Their study didn’t reveal why $70,000 to $75,000 a year appeared to be the cut off for esca­lat­ing hap­pi­ness, Kah­ne­man said, adding that he had no clue why that was the magic num­ber. The num­ber prob­a­bly only applies to large, expen­sive cities and not places where the cost of liv­ing is cheaper, he said.

The num­ber should be revis­ited from time to time to adjust for infla­tion, he said. And the link between money and hap­pi­ness should prob­a­bly be inter­preted as hav­ing less money lead­ing to mis­ery rather than more money bring­ing joy.

Kah­ne­man also said he really can’t com­ment on Price’s grand exper­i­ment which calls for every­one in the 120-person credit card pay­ment com­pany to earn a min­i­mum of $70,000 by Decem­ber 2017. How­ever, he doubted the CEO’s ges­ture will catch on in a big way.

It’s not viable for every com­pany,” he said. “There is not a gen­eral les­son to be learned from this case.”

Fol­low @ABCNewsRadio
Copy­right © 2015, ABC Radio. All rights reserved.


Mom Gives Up Anti-Vax Stance Just Before Seven Children Get Whooping Cough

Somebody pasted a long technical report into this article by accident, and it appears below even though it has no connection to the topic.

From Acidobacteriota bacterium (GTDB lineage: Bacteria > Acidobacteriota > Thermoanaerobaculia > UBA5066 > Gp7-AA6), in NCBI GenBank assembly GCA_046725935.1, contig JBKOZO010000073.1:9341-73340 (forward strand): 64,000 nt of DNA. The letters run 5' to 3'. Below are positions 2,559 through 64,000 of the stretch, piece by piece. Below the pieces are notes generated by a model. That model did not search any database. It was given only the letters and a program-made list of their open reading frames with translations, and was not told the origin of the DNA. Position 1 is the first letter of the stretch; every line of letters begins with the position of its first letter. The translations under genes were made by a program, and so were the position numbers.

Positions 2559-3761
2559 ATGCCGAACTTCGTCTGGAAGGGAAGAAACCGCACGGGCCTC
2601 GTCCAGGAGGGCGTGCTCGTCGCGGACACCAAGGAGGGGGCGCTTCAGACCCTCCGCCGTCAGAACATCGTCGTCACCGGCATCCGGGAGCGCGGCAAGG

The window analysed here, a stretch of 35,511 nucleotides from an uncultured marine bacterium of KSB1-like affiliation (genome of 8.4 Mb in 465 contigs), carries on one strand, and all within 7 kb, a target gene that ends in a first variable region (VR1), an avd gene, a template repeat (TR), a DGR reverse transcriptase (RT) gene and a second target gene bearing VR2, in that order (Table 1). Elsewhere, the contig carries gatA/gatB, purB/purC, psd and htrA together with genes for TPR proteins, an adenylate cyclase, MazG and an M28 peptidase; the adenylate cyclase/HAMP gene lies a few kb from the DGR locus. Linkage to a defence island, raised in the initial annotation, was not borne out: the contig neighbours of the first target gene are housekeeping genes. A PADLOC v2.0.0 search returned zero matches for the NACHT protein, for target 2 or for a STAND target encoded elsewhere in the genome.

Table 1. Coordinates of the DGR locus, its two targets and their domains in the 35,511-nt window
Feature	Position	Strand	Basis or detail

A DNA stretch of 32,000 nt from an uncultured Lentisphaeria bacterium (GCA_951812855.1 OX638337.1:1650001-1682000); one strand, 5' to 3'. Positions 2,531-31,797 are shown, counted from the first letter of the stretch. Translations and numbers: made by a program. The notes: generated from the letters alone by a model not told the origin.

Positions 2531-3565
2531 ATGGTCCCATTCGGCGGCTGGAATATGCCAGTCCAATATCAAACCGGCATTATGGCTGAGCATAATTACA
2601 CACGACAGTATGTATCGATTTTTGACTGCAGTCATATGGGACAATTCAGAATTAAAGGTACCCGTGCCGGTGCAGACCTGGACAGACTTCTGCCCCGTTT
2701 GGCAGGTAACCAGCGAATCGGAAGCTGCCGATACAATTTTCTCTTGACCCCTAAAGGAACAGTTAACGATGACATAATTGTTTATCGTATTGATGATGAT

iStock/Thinkstock(OTTOWA, Ontario) — A mother who didn’t believe in vac­cines for years is now writ­ing about her expe­ri­ence after all seven of her chil­dren became sick with whoop­ing cough and hopes to inspire other par­ents to recon­sider vaccination.

Tara Hills, of Ottawa, Canada, wrote about her deci­sion in a post for the Sci­en­tific Par­ent Blog, titled “Learn­ing the Hard Way.”

Hills said she was writ­ing from “quar­an­tine” after all of her chil­dren became sick from per­tus­sis, com­monly known as whoop­ing cough. Hills said her chil­dren showed symp­toms for a week before she real­ized it wasn’t just the com­mon cold.

My youngest three chil­dren were cough­ing so hard they would gag or vomit. I’d never seen any­thing like this before,” she wrote. “Watch­ing our youngest strug­gle with this chok­ing cough, bring­ing up clear, stringy mucus – I had heard of this before somewhere.”